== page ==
Flippityjig Sun 11-Nov-12 20:18:23

Yes, my dd sometimes has piles of homework too, quite a shock after primary school shock

She hasn't caught on to my seeking advice on here yet wink

Theas18 Sun 11-Nov-12 20:25:03

Um just mainly much in and help, look after her room, put her washing out to be done and away that sort of thing.

But otherwise it's generally...I've coupled, someone else needs to set the table and clear away-they divide jobs between themselves pretty well.out, as Fri night, we have grandparents coming.can someone tidy and Hoover as I'll be late from work....the 16yr old and 13 yr old did a pretty good job :-)

We've generally steered away from jobs for money, if you are party of this family you muck in!

JudeFawley Sun 11-Nov-12 20:30:42

Our 10 yr old vacuums his room at weekend & strips his bed.

He helps empty dishwasher and will load & set washing machine and tumble drier. Puts away laundry.

He likes ironing, but is very bad at it.

He peels veg on a Sunday and bakes a bit.

No pocket money.

DeadTall Sun 11-Nov-12 20:32:49

DD (11) gets £2 per week and DS (13) £10 per month.

They have to make their beds every day & keep their clothes off the floor, empty the bins weekly, help with drying up at weekends, always clear the table and lay it whenever asked. If they do additional jobs (dusting, hoovering, washing the car) they can earn a bit more. I'm thinking of increasing it at Christmas, along with the chores list... I think helping with the washing will be next!

BitchyHen Sun 11-Nov-12 20:36:12

DD2 is 10. She puts her washing out daily (when nagged) and puts away the clean clothes. She tidies her room every week, feeds her hamster and helps me to clean his cage, and lays the table for tea. She gets £3.50 a week pocket money and no top ups.

BitchyHen Sun 11-Nov-12 20:41:49

12 year old DS has to put his washing out and tidy his room. He feeds his guinea pig and cleans her cage. He feeds the dog every evening (I do the morning) and takes the recycling out and sorts it into the correct boxes around 3x a week. He gets £20 a month paid directly to his bank account now he is at secondary school and rarely spends any of it.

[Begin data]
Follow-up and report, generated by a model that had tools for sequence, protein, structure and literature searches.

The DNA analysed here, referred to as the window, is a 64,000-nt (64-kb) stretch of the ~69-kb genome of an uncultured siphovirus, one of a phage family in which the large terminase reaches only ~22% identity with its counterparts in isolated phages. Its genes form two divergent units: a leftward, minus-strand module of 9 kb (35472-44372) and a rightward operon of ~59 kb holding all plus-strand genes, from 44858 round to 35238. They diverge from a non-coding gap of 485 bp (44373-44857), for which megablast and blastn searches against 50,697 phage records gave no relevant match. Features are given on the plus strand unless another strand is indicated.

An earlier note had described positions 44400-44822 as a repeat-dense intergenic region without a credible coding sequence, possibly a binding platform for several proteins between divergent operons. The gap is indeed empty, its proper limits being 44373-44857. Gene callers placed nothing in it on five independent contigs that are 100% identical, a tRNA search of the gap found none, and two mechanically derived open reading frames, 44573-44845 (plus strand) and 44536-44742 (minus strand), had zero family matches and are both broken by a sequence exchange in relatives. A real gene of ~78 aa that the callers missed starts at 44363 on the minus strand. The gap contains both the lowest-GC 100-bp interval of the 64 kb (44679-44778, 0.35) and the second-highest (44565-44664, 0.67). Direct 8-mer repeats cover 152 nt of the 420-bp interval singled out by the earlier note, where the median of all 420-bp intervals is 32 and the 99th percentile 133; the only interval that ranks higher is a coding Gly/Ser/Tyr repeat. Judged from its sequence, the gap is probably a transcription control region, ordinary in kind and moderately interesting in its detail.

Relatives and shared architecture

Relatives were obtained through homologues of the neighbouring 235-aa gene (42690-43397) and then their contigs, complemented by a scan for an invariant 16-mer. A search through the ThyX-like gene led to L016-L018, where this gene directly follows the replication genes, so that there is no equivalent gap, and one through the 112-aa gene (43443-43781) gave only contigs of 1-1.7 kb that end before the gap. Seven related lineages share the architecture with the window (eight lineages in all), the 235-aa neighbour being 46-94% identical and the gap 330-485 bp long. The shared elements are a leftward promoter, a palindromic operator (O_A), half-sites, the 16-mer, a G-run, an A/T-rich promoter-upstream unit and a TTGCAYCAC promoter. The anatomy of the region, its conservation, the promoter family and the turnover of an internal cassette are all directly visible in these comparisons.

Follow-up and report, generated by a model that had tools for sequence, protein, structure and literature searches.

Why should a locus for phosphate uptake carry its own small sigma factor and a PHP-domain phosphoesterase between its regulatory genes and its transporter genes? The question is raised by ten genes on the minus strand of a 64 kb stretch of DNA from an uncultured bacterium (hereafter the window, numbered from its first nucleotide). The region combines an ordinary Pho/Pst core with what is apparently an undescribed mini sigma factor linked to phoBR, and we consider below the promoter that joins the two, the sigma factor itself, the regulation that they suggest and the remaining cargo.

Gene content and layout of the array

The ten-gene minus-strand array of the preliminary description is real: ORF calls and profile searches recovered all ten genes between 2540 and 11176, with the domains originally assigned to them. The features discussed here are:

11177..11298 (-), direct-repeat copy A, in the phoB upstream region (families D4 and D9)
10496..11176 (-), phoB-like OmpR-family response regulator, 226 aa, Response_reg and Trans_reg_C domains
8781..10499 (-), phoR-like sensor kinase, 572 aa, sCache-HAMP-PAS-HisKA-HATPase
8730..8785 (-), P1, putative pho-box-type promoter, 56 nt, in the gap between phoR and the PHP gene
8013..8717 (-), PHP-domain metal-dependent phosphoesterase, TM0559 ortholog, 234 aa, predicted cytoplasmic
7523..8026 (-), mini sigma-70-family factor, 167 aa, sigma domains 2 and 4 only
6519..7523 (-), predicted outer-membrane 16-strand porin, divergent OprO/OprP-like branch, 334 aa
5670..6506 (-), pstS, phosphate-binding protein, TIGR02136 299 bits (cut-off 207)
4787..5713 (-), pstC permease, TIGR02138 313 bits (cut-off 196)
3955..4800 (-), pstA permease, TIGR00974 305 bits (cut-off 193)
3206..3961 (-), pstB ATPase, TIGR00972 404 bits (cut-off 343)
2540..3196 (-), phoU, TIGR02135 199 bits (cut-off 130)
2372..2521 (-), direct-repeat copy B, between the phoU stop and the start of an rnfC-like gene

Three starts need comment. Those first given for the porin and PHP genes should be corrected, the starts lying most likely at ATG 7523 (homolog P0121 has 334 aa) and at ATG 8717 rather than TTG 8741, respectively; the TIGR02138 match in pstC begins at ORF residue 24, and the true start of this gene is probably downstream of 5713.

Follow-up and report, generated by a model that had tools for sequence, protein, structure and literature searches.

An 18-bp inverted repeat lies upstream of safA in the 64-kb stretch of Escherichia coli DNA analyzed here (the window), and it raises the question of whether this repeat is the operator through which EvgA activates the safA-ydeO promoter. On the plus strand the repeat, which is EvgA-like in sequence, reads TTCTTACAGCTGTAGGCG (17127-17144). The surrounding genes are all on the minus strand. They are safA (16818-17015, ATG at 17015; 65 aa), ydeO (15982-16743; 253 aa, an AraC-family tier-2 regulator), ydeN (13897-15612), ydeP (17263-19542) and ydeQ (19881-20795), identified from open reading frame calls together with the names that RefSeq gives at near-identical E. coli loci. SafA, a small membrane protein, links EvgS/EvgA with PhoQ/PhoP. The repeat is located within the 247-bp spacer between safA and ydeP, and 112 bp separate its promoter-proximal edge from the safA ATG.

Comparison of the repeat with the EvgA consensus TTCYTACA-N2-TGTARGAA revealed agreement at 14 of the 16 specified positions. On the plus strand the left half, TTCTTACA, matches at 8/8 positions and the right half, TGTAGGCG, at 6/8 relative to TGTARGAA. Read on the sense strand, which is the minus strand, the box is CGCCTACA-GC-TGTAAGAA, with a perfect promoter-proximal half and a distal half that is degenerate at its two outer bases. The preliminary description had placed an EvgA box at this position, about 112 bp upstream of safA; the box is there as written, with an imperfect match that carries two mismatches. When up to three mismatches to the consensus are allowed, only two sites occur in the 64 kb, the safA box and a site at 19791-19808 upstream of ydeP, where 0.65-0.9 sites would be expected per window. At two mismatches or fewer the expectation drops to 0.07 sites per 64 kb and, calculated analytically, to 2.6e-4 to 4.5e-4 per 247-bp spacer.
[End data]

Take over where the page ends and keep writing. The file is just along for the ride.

Arseface Sun 11-Nov-12 20:47:56

DS, 11, has a chore a day. Little things like vaccuming upstairs carpets, cleaning glass doors at the back of the house, washing up after supper, helping to cook etc. He is also responsible for putting away his own clean laundry, keeping his room in a reasonable state and keeping the small front porch clean and tidy.

Sounds a lot but he has no jobs on Sunday or the two weekdays he has clubs and no jobs take longer than 10 mins.

The front porch is basically a quick sweep and wipe of the floor, chucking shoes and boots in the shoe bench and throwing away junk mail. He needs to notice when this needs doing without being told.

In return he gets £70 a month in his bank account.
£10 for his phone,
£20 pocket money,
£40 dinner and travel money.
This gets docked if jobs are not done or not done well for no good reason.
He is able to walk to school and take sandwiches from home if he wants to save and can also earn extra money through other jobs.

At first he caned all his cash on sweets, downloads and games in the first week. When we refused to bail him out he got the hang of it pretty quickly.

He loves having a bank account and debit card which he can use at cashpoints and to buy things from Amazon etc. Has made him much better at saving cash as he can see his balance rather than just notes and coins to swap for sweets!